The Sun Rasterfile Format

Jamie Zawinski,, 15 Nov 89
... the manpage for rasterfile(5) doesn't say anything about the format of byte-encoded images, or about plane/scanline ordering in multi-plane images. Pretty cool, yes? Anyway, I have the firmly held belief that this information shouldn't be as hard to come by as it was for me. So in the interest of spreading the data far and wide, here is what I know about the sun rasterfile format.

The first thing in the file is

    struct rasterfile {
	int ras_magic;
	int ras_width;
	int ras_height;
	int ras_depth;
	int ras_length;
	int ras_type;
	int ras_maptype;
	int ras_maplength;
The ras_magic field always contains the following constant:
    #define RAS_MAGIC 0x59a66a95
The ras_length field is the length of the image data (which is the length of the file minus the length of the header and colormap). Catch: this is sometimes zero instead, so you can't really depend on it.

The ras_type field is ras_old=0, ras_standard=1, ras_byte_encoded=2, or ras_experimental=FFFF. There doesn't seem to be any difference between OLD and STANDARD except that the ras_length field is always 0 in OLD.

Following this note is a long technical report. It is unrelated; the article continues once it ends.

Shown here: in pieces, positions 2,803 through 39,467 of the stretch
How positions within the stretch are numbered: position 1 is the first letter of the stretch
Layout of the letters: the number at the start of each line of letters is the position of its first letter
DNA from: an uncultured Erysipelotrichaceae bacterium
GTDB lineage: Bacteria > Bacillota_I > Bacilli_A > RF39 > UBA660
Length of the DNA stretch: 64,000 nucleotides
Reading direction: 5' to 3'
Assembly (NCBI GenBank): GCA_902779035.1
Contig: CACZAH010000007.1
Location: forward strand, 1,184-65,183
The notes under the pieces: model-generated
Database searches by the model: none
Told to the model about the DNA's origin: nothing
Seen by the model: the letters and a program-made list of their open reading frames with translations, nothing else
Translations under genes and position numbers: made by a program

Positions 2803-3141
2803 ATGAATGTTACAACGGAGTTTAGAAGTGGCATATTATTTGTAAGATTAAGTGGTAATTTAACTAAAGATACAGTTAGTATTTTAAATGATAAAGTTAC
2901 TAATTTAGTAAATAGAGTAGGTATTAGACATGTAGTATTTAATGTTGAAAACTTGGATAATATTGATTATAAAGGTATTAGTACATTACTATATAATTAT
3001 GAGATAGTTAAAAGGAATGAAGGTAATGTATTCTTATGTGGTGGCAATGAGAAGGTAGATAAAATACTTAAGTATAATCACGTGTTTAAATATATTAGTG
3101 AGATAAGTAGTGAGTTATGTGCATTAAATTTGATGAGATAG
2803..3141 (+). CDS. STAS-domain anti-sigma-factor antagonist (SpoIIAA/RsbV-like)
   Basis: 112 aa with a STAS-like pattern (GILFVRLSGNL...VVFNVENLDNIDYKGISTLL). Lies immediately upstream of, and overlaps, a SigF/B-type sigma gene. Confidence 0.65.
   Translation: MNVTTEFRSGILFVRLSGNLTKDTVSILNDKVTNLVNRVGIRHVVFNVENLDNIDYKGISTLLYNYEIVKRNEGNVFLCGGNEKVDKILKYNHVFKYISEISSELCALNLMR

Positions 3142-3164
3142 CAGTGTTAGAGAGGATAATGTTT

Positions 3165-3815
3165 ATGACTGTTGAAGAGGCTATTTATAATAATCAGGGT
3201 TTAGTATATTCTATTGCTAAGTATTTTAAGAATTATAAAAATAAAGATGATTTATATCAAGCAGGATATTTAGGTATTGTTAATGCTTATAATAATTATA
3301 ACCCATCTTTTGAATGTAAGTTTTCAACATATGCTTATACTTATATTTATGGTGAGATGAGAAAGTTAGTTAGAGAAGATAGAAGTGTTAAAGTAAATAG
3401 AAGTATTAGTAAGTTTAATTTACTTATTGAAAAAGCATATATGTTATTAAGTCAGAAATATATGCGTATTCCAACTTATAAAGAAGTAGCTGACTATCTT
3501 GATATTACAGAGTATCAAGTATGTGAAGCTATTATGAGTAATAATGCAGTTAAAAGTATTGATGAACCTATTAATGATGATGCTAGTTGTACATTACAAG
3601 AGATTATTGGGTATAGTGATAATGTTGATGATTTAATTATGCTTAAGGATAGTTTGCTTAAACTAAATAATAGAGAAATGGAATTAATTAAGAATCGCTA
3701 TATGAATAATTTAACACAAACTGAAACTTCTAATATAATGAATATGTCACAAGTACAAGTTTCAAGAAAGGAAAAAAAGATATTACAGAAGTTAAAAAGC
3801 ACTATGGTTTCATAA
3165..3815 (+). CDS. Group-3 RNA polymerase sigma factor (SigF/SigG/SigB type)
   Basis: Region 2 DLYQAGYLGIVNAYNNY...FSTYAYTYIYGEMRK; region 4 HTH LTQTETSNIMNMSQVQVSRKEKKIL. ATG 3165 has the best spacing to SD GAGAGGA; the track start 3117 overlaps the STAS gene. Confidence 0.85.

I didn't deal with cmaps, so from the man page: "The ras_maptype and ras_maplength fields contain the type and length in bytes of the colormap values, respectively. If ras_maptype is not RMT_NONE and the ras_maplength is not 0, then the colormap values are the ras_maplength bytes immediately after the header. These values are either uninterpreted bytes (usually with the ras_maptype set to RMT_RAW) or the equal length red, green and blue vectors, in that order (when the ras_maptype is RMT_EQUAL_RGB). In the latter case, the ras_maplength must be three times the size in bytes of any one of the vectors."

Regardless of width, the stored scanlines are rounded up to multiples of 16 bits.

I found the following description of byte-length encoding in Sun-Spots Digest, Volume 6, Issue 84, by Pat McGee:

The format is composed of many sequences of variable length records. Each record may be 1, 2, or 3 bytes long. A run is not terminated at the end of a scan line. So, if there are three lines of red in a picture 100 pixels wide, the first run will be 0x80 0xff 0x<red>, and the second will be 0x80 0x2b 0x<red>.